I called from the street and then made my way up a few flights of stairs. This old building in Brooklyn is a working place, stuffed with “small businesses” – Asian men and women sewing piece goods in a loud crowded room on one floor. Another floor chocked full of electric machine tools ready to be used for fuck all. And as always in NY you’ll find a few artists’ studios filled with old paintings and half finished projects. Paul Corio had invited Michael Zahn, Dennis Bellone and me over for a studio visit. As usual I was running late – always…. Paul had been pulling out his works and lining them against the painting wall. Michael and Dennis had just finished the first round on the six pack and were deep in discussion about the last painting they’d seen. Artists tend to take studio visits deadly seriously especially among friends… I was happy to be there and looked about for signs of Paul’s studio life before really having a look at the work (I enjoy seeing how artists incorporate their lives into their work.) On a few table tops and shelves there were stacks of jars of paints, mixed and labeled in sequence, hues and values morphing from light to dark, precise and orderly. Used painters’ tape was scrunched into balls discarded here and there. I thought it was wonderful – a working production studio filled with 21st Century electrically colored paintings contrasted by a bank of windows looking northward over a view of Brooklyn’s 19th and 20th Century manufacturing detritus. Glorious.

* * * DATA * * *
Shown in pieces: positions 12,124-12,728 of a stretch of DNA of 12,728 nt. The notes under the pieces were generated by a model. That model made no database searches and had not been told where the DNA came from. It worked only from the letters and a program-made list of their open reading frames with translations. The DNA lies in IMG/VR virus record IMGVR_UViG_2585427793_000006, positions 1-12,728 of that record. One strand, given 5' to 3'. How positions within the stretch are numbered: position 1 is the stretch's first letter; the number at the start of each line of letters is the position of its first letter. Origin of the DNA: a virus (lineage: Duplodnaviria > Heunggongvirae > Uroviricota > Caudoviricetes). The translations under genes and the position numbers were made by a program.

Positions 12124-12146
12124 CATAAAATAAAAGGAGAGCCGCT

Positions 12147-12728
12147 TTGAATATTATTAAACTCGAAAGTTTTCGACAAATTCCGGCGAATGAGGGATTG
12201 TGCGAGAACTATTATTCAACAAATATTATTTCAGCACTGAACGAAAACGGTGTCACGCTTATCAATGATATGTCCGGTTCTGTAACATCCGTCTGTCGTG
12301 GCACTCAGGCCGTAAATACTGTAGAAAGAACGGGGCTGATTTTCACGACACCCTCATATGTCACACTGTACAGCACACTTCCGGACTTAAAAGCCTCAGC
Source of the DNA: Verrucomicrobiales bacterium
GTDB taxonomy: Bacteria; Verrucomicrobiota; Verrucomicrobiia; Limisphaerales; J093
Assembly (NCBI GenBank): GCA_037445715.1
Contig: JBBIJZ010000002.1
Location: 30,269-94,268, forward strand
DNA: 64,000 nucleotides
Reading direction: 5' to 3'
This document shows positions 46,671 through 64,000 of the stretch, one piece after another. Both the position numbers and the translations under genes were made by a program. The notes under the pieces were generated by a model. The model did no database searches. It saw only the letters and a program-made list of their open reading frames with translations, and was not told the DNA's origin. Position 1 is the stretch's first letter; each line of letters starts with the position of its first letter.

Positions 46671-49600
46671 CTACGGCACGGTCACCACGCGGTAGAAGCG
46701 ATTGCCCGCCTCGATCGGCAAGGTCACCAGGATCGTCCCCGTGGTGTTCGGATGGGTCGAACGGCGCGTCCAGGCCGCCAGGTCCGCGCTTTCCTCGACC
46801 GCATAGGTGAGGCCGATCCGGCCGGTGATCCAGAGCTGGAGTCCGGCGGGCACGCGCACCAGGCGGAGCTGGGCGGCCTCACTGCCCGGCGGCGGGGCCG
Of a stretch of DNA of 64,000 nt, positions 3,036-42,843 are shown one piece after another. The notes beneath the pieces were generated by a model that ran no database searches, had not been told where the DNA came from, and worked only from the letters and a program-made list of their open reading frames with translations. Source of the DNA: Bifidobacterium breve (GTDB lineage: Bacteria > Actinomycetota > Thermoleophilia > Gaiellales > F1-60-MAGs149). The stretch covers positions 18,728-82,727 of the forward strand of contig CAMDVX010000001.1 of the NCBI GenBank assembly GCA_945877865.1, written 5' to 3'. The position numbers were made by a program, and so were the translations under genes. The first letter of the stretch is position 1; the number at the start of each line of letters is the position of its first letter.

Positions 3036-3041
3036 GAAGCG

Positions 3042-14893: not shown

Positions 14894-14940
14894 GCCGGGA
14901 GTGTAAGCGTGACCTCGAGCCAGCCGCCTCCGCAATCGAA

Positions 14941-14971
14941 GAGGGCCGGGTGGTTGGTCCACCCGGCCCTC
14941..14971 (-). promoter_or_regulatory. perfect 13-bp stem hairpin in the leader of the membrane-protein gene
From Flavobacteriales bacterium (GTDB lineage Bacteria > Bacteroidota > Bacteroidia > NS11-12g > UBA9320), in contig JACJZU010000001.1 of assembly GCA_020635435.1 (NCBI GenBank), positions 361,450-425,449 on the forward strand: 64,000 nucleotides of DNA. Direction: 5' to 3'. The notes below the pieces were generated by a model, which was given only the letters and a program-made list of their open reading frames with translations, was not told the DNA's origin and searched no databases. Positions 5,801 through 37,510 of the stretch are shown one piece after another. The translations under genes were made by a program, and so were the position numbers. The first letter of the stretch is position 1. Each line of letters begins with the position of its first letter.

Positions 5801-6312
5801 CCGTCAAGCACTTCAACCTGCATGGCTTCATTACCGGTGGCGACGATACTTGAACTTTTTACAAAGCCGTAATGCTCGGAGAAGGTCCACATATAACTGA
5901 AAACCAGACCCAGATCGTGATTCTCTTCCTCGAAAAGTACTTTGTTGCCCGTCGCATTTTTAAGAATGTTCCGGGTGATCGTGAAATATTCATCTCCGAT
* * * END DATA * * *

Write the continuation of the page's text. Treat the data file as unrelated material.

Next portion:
As I was looking at Paul’s paintings I kept thinking about his blog postings on No Hassle at the Castle and the post he did here on Henri about his painting processes and studio life. Numbers and patterns are extremely important to Paul. He is interested in the specific mathematics of horse racing and betting. Paul is also a jazz musician, a drummer to be precise, and for me all of these things come across in his work in a very specific way. His vision is connected to rhythms and time, color, space, pattern, movement. Paul has a real way of involving the viewer across the surfaces of his works using specific kinds of optical repetitions. The paintings become physical and direct through their temporal movements. Color fades in and out and then turns on a dime into its compliment. The geometries break into packets, keeping time in moments of explosive visual energy. He’s constantly building signatures through these algorithms, pushing the viewer along to his visual beat. Christ, you can feel your body start to move as you look – I caught myself bobbing my head to these back beats a couple of times. It’s hard not to feel time slip and slide in front of Paul’s paintings. But there’s more going on here than music. His imagery pushes into the ground, exaggerating the pulsing efficiency of his colors. What you begin to feel as you look and follow is your own subjectivity sliding into this time frame. The visual experience is sharp, electric and thorough.